Manuel Figueroa, who heads the city's social services department, said Wednesday that federal support remains minimal. While Mexico's navy is making and distributing food, he said, funding for supplies comes from the state and the city -- as does the gas, electricity and water at the facility.

"Day by day we make the greatest effort to attend to this, without having any obligation to. ... This migratory situation is the responsibility of the federal government."

In the meantime, there are hundreds of children among the thousands of migrants taking shelter at the sports complex. A playground inside provides some relief from the squalor.

But days after tensions flared and US officials fired tear gas at the border, the mood inside the large Tijuana shelter at times is somber. Some migrants say they're shaken by what happened and unsure of what to do next.

Many staying in the shelter are sleeping outdoors -- some in tents, some lying on the dirt in sleeping bags or blankets.

As the threat of rain loomed Wednesday, migrants scrambled to cover their tents with black plastic tarps.

In some of the shelter's indoor spaces, blankets have become makeshift partitions to provide privacy. Hanging clotheslines crisscross through the air.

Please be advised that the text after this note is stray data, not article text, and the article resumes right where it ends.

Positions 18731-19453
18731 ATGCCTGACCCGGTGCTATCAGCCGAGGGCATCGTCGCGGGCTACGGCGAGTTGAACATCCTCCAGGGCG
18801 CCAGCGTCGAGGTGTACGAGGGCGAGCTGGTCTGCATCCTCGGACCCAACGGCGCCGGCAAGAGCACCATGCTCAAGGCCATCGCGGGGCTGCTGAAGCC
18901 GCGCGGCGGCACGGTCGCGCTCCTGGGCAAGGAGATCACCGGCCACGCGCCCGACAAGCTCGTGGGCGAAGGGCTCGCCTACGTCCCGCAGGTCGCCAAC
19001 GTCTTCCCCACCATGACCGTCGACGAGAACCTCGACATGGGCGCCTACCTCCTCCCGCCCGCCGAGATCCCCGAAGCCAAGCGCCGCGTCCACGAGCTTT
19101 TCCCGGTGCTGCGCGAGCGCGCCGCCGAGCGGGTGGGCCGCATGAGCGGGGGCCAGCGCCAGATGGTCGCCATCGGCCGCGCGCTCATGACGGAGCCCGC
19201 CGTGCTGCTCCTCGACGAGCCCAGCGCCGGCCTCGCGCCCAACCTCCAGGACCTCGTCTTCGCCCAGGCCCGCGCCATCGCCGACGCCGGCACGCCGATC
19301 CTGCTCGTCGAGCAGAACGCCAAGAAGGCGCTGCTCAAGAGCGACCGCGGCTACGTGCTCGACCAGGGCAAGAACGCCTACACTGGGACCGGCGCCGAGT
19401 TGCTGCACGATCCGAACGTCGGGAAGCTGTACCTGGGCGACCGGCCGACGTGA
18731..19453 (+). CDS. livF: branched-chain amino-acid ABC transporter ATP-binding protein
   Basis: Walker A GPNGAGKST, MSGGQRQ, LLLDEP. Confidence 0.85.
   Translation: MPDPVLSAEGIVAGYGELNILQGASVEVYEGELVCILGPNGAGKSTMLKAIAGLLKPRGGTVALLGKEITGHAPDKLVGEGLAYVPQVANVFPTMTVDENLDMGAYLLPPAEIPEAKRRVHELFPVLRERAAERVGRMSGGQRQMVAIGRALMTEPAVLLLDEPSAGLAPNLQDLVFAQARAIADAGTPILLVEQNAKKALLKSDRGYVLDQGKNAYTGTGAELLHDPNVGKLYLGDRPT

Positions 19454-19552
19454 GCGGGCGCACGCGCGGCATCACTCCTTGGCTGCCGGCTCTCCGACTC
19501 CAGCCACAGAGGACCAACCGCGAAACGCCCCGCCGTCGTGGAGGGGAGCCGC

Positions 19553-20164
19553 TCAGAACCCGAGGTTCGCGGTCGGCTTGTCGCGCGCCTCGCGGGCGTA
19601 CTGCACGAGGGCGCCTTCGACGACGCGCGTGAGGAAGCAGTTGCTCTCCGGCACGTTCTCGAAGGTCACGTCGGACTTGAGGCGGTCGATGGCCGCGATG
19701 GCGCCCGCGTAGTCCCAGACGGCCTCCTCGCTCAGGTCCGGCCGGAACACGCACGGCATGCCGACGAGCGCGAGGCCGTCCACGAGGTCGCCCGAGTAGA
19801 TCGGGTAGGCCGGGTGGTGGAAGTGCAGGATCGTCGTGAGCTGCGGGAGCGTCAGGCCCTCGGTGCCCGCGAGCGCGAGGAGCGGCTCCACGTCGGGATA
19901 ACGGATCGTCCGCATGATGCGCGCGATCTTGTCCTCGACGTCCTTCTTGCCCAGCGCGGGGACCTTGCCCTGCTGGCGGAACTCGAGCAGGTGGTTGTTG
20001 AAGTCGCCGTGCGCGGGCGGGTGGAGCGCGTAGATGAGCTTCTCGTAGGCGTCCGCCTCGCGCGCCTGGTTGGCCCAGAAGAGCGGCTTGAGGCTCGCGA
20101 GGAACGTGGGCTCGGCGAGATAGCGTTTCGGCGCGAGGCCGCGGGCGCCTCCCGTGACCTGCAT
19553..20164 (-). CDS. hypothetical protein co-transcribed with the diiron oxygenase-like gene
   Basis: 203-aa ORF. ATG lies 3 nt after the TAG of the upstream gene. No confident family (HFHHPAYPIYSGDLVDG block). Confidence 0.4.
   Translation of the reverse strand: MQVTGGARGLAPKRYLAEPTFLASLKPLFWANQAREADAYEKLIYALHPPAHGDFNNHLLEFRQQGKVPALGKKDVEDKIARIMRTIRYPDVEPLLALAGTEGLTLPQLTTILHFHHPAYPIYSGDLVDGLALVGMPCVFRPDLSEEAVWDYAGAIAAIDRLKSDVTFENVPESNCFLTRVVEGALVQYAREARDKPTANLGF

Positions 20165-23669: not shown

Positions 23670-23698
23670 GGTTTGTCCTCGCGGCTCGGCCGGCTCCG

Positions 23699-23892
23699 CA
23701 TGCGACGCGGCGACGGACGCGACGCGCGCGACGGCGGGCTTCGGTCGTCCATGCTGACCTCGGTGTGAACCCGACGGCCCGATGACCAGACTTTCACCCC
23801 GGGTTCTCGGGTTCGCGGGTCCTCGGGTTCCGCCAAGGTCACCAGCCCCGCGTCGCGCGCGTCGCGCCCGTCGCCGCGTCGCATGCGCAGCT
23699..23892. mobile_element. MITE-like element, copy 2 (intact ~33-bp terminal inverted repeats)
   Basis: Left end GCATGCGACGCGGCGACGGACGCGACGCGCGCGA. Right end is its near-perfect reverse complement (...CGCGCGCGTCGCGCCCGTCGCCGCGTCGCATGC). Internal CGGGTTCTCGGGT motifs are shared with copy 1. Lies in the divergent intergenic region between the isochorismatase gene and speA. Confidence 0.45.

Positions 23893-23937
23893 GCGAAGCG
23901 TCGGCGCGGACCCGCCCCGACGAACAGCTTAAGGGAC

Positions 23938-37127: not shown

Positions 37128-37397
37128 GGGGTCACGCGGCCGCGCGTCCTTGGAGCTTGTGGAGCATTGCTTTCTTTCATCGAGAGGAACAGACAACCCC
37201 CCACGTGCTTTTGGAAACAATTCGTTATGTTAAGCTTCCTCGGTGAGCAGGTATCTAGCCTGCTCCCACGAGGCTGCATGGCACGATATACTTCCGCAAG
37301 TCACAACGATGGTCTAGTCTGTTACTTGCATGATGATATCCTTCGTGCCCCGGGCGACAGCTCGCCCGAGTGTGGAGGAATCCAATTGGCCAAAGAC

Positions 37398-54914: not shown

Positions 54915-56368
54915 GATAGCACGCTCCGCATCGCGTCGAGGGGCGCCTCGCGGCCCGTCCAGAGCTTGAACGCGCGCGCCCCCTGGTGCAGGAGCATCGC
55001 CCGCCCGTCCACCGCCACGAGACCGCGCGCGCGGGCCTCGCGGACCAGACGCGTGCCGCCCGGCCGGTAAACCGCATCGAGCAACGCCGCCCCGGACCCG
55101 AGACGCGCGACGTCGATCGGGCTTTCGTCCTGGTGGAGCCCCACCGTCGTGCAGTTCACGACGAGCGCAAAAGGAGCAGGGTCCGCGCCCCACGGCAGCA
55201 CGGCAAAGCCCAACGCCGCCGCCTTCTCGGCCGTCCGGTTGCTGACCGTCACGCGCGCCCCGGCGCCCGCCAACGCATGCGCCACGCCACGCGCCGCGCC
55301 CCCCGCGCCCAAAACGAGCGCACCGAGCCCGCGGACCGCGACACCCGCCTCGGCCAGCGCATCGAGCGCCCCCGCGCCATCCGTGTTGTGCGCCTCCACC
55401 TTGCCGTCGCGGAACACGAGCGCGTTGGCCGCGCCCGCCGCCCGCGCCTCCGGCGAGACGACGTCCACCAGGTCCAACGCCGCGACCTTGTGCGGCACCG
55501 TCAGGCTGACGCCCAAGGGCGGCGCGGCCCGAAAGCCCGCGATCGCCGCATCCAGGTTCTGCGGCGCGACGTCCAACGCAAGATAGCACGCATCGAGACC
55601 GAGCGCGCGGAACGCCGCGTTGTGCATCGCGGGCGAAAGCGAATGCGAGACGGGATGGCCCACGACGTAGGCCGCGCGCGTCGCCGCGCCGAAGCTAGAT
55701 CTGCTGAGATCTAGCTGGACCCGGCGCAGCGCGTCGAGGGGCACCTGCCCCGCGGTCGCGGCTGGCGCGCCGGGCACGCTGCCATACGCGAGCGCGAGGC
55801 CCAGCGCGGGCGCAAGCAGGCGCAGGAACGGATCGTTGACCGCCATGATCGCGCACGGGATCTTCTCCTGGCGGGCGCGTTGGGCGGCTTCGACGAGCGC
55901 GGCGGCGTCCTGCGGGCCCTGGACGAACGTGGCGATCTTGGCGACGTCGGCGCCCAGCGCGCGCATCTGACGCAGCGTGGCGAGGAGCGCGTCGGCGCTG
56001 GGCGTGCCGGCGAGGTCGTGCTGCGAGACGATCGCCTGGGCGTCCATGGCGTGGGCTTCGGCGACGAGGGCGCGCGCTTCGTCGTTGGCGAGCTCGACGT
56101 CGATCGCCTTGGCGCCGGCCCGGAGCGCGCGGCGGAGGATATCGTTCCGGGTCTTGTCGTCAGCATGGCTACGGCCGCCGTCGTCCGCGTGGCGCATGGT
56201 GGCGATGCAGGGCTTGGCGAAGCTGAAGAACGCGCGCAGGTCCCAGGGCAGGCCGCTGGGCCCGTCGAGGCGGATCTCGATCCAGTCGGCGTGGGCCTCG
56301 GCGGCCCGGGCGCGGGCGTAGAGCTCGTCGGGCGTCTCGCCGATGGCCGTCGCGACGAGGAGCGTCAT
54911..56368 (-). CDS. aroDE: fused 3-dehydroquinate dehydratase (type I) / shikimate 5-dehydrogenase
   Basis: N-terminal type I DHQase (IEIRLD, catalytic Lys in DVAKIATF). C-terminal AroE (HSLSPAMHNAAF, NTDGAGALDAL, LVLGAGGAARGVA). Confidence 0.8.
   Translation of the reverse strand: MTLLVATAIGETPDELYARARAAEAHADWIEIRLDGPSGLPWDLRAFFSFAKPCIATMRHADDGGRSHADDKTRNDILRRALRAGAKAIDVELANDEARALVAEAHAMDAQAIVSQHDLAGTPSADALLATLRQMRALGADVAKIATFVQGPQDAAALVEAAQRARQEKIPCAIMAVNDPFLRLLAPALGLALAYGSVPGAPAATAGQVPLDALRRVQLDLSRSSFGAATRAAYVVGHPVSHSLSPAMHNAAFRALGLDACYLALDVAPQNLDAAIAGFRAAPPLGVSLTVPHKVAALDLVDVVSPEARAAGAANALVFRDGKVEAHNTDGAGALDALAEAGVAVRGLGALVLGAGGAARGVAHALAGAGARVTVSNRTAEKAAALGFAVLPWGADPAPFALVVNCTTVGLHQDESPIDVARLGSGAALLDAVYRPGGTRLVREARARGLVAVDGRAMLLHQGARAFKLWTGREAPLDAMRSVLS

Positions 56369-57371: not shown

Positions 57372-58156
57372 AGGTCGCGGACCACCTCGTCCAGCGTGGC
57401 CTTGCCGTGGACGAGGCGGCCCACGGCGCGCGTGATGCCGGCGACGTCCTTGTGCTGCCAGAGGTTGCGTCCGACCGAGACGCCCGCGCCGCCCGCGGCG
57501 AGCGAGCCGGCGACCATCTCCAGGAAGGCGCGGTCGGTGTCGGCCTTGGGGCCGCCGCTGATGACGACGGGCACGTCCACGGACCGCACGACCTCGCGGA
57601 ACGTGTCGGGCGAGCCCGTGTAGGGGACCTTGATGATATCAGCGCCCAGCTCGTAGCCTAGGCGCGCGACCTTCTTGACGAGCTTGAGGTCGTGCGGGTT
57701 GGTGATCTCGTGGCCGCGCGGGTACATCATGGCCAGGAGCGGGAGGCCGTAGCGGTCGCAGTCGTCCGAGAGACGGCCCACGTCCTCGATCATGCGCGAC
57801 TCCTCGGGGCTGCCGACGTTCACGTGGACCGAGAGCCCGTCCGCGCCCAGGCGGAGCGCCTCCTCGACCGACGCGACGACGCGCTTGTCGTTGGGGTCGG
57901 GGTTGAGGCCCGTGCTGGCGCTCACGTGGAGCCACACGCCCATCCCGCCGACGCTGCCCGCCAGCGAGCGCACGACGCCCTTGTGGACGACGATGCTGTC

A woman from Honduras named Naira sat on the ground in what looked like a sea of blankets. Things haven't been going well, she said. She and her young daughter are making do, but she's realized she needs to find a way to get money so they can buy more to eat.

"There is some," she said, "but very little."

Long lines for food

Members of the Mexican navy have set up mobile kitchens where they prepare and distribute meals.

But the lines for food are long. Migrants said the wait can last for hours.

Cesar Nuñez told CNN on Tuesday evening that it had been a day since he'd eaten. He said he didn't want to take food from the mouths of women and children, who need it more.

Nuñez, 30, said he was threatened in Honduras after witnessing a crime and reporting it.

He pointed to a scar on his leg that's a permanent reminder of violence he's determined to leave behind. Gang members attacked him with a machete, he said. Compared to that, he said, conditions in the shelter aren't bad at all.

"We have come fleeing from worse things," he said.